Johan Smit is well known for his stalwart support of the ATM community. Many people have benefitted from his generous assistance and willingness to help at all hours, not to mention his long involvement in the ATM class. This has been such a busy and productive year for him that he exhibited a slew of instruments, each with an adventurous and innovative aspect. Notably, these include his half of the Castor and Pollux twin scopes, a refractor using an exquisite Zeiss aerial camera lens of WWI vintage and a mounting for a commercial short-focus Newtonian that not only brings the OTA to a convenient height but also stores it for transportation. Several other scopes in the field sported versions of his signature finderscope mount and focuser designs, a testament to his dedication in making it possible to produce viable instruments from basic materials. This body of work certainly deserved his award of a Baader planetarium clickstop 8-24mm zoom eyepiece with matched 2,4x Barlow, courtesy of Eridanus.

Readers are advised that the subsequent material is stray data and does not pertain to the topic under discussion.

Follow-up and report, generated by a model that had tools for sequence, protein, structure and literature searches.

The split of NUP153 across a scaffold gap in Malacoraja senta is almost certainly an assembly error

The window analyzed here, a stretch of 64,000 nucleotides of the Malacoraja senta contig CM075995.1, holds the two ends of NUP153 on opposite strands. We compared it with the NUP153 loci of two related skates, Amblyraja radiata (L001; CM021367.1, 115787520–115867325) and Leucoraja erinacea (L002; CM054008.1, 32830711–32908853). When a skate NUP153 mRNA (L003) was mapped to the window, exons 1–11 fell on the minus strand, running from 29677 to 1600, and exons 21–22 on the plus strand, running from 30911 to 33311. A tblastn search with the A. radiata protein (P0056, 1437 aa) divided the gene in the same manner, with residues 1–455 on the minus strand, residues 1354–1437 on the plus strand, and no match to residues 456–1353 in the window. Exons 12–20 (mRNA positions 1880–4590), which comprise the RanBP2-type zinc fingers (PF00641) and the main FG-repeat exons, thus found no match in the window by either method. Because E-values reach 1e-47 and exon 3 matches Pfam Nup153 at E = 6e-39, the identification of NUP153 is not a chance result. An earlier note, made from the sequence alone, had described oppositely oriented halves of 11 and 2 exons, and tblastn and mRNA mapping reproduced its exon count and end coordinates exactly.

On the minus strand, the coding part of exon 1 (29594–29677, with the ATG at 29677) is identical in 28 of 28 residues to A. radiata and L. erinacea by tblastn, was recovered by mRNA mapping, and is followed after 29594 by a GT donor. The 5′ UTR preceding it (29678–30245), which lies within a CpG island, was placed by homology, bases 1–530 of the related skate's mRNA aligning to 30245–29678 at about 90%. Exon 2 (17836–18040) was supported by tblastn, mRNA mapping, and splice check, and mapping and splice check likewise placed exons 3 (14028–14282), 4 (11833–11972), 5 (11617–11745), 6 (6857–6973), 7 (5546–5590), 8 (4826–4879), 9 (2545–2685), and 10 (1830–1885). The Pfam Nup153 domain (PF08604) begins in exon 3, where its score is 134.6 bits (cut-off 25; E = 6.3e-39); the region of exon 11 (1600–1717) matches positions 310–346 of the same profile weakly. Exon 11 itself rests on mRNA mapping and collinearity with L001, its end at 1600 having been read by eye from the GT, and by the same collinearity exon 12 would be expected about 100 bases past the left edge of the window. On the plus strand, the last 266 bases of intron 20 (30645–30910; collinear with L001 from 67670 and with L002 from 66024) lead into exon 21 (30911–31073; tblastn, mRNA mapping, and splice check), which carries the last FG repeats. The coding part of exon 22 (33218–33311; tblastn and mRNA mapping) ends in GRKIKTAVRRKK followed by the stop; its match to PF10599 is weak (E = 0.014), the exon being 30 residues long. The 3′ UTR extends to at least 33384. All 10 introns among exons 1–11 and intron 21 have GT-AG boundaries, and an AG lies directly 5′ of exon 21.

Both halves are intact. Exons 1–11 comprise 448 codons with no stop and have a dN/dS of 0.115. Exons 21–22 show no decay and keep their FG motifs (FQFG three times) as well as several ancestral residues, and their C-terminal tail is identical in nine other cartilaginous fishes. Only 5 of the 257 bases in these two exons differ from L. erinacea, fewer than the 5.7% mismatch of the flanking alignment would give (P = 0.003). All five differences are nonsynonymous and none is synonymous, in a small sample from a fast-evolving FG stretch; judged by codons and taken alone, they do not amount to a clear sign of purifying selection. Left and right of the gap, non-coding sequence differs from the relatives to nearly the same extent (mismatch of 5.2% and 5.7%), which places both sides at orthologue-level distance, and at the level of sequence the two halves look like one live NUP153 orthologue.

The following deserve special mention. Wessel Nel for the other half of the Castor & Pollux twins and a Polarex refractor with a flexion hinge Crayford focuser. Louis Lombard for 6" f/8 Dob sporting a low profile Crayford focuser and altitude trunnions running on bearings with an adjustable damper that still needs a little more development to be effective. Eric Slaghuis for his wooden strip tube, which is work in progress but the workmanship was much admired. Rainer Jakob for his magnificent array of sundials, each of which is a work of art, plus his work in progress Dobsonian with aluminium structure and carbon fibre on foam tube. We look forward seeing the unfinished items in their final form. Rainer is also due a huge vote of thanks for all the behind the scenes work he does for ScopeX and the ATM class.
--- Chris Stewart and Dave Blane